In its earliest stages, the campaign against drinking drew support from local elites, who associated drinking with the breakdown of the hierarchical social order of the eighteenth century. Typical of the early temperance organizations was the Massachusetts Society for the Suppression of Intemperance, founded in 1813 by gentlemen upset by the spread of social disorder and disrespect for society's upper classes. The goals of the early organizations were quite limited, stressing self-control rather than abstinence and opposing only distilled, not fermented, alcohol. The Massachusetts Society actually served wine at its meetings.
The evangelical revivals of the 1820s transformed temperance into a mass movement. Many reformers were particularly critical of moderate drinking, which helped keep saloons and distilleries in business and set a bad example for those susceptible to alcohol's attractions.
There are opposers among us! men of wealth and respectability, who encourage the use of spirituous liquors and throw their influence into the scale of intemperance. There is, after all, a numerous class of what are called temperate, moderate drinkers, who love rum, and must have it. They do more hurt than the drunkard. They have influence. He has none. They try to make rum-drinking respectable; he cannot.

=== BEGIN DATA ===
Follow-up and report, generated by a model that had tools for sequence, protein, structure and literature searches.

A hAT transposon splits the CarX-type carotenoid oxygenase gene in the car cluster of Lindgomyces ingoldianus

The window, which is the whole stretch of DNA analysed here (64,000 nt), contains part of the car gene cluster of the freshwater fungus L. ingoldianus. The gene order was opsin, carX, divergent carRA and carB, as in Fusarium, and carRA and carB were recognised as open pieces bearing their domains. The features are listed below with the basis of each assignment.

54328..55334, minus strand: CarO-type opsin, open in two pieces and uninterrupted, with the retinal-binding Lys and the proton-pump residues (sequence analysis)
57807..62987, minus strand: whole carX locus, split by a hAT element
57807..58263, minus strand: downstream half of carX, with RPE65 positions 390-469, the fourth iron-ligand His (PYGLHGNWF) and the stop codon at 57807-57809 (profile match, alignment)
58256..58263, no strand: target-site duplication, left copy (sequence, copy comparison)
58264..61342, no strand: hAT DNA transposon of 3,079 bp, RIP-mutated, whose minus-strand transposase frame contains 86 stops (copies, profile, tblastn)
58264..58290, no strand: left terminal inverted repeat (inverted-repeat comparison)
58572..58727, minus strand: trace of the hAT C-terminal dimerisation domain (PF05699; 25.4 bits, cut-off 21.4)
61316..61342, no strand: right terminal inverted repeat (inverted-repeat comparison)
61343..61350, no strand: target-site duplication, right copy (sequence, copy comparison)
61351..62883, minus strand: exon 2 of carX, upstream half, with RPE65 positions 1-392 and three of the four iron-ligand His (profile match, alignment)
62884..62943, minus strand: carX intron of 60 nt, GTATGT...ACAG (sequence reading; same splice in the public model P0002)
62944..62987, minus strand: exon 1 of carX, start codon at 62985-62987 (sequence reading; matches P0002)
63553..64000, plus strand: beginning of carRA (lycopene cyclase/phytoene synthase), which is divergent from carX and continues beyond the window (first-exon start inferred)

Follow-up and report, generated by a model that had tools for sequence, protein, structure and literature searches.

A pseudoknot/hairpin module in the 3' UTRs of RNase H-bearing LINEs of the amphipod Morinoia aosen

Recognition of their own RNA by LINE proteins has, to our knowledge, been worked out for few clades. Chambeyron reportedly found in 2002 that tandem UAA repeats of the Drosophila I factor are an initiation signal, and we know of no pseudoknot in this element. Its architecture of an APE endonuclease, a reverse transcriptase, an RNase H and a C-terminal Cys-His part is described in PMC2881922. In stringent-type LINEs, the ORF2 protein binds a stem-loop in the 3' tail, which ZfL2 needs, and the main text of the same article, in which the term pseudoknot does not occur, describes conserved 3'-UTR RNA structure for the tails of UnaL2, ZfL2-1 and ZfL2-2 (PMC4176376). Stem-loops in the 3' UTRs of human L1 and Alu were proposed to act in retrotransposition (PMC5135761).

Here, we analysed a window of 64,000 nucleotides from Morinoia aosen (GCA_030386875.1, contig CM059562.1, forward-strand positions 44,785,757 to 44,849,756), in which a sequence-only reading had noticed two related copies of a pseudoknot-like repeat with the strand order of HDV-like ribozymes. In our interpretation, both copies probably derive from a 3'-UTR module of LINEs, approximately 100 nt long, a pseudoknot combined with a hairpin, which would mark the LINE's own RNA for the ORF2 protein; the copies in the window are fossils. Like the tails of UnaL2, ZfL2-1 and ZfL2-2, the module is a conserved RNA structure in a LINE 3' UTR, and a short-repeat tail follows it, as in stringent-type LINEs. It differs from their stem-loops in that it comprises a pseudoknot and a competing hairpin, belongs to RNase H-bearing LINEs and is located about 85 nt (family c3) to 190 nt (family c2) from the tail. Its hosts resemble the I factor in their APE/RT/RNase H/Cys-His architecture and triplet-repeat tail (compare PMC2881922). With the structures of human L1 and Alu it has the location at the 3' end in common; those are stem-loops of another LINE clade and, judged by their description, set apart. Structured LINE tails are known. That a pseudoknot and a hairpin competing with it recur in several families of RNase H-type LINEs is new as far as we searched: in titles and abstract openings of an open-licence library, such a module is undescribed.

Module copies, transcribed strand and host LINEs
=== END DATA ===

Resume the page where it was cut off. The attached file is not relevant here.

But they are all alike, the drunkard and the drinker. They are but different species of the same genus. Temperate, moderate drinkers; temperate, moderate slavedealers; temperate moderate gamblers; temperate moderate sinners, all alike. It is the drinking which is wrong. Drunkenness is but a higher degree of the same crime. These temperate, moderate drinkers are training themselves and their children to the highest order of drunkards. They are learning the trade, they are serving the apprenticeship, and they uphold and encourage the drunkard.....